“We’re predominantly aerobic creatures,” says Scott. “We can go weeks without food, days without water, but if we’re deprived of oxygen for more than a few minutes, we’re dead.”

So, although it’s slower to ramp up during exercise, the oxidative system is the most important energy system of all. If it doesn’t work, neither do you.

Athletes competing in any long-­distance endurance sport — cycling, running, cross-country skiing, triathlon — all need exceptional aerobic capacity, as do those playing continuous-action field and team sports, like basketball, soccer, and Ultimate Frisbee.

Fortunately, the oxidative system is responsive to exercise. “Through training, you can increase the capacity of your aerobic metabolism up to 240 percent,” says Hartman. “And the better it works, the more effectively you burn fat in your workouts.”

Although this system is continuously active and produces loads of ­energy, the process of converting fat into usable energy can take a while. Once it begins, though, it’s your body’s most reliable engine over long periods of time. During a 10-second sprint, Hartman says, your aerobic system is able to kick in only about 13 percent of the necessary energy; on an intense four-minute run, however, its contribution rises to 80 percent.

Exercise physiologists once ­believed that the best way to develop the oxidative system was through long, slow cardio workouts — an hour or more several times a week. It certainly responds well to this type of training, but recent research suggests that this system also works hard — very hard, in fact — to help you recover after a high-intensity anaerobic effort like a set of squats or a hill sprint. Do a second, third, and fourth set before you’ve fully recovered from the previous one and it ramps up its efforts even higher.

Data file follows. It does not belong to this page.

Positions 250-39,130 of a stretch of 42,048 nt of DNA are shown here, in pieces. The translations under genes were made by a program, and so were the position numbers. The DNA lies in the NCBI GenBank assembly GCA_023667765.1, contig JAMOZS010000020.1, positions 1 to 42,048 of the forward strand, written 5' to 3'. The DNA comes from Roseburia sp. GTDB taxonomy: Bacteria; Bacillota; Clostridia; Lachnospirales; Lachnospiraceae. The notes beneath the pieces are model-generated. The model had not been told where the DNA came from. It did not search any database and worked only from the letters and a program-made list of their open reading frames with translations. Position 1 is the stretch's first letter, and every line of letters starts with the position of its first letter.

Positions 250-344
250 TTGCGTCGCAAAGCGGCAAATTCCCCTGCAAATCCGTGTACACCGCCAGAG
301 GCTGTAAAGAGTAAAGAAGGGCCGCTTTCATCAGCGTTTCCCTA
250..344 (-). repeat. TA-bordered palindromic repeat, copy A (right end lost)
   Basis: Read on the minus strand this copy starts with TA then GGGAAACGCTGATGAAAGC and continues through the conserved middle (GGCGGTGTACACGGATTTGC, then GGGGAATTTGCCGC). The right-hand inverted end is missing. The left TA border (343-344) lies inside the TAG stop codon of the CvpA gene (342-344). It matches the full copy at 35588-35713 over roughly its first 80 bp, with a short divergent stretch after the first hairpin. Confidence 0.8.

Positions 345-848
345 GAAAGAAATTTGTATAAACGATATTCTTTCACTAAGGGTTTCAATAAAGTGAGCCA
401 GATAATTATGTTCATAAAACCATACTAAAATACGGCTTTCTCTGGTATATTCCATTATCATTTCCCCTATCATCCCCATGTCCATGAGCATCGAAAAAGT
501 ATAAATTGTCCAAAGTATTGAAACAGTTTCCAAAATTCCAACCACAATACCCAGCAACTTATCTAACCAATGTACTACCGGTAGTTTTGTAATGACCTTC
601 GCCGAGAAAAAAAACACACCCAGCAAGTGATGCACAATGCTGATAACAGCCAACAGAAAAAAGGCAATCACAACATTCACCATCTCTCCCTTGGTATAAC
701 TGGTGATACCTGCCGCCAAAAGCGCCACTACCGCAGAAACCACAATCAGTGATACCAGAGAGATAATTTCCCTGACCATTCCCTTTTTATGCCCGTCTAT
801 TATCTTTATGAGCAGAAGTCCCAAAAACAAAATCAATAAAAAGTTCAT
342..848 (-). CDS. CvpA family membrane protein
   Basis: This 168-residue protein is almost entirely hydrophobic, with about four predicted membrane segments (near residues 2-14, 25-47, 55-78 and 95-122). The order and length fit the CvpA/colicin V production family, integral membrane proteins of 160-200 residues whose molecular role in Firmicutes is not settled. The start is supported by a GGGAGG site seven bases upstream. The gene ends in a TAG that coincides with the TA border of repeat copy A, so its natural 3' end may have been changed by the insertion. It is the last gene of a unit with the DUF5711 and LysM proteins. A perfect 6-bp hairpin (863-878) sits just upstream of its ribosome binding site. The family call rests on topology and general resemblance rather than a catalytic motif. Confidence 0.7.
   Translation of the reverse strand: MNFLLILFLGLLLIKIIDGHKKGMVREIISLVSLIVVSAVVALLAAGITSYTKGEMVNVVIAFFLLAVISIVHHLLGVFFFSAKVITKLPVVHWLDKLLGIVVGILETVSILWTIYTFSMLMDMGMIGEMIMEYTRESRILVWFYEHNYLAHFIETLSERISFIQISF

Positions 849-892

“A strength-training workout resembles a series of escalating waves of effort for the oxidative system,” says Nelson. That’s why you’re winded after high-intensity bouts of strength training and sprinting, even though the activities themselves are technically anaerobic. The system shifts into overdrive to replenish the depleted ATP-CP stores and clear out the glycolytic byproducts generated by your other two energy systems.

At the conclusion of an intense strength-training or interval-training workout, your oxidative system often continues to work overtime, typically for hours, sometimes for a day or two. This is a phenomenon known as excess postexercise oxygen consumption, or EPOC, a process that contributes to fat-burning long after the workout ends.

Unless you’re a competitive endurance athlete, you probably don’t need hours and hours of long, slow cardio every week. Higher-intensity activities can be equally effective at building cardiovascular health and helping you stay lean.

Exercise your oxidative system by jumping rope, training with light weights, or performing standard cardio exercises for periods of one to five minutes, resting one to five minutes between sets, for up to six sets.

If you’re serious about building your aerobic capacity, you can also do one to five high-effort bouts of 10 to 20 minutes, resting five to 10 minutes between them.

Because low-intensity aerobic activity speeds recovery from the minor damage caused by other forms of exercise, perhaps the best use of oxidative training is as a restorative tool on your off days.

Training Your Oxidative System

Speed: Slow to medium
Primary Fuel: Fat
Sample Activities: Jogging, slow swimming, cycling, walking, hiking, martial arts, continuous-action team sports (basketball, ultimate Frisbee, soccer)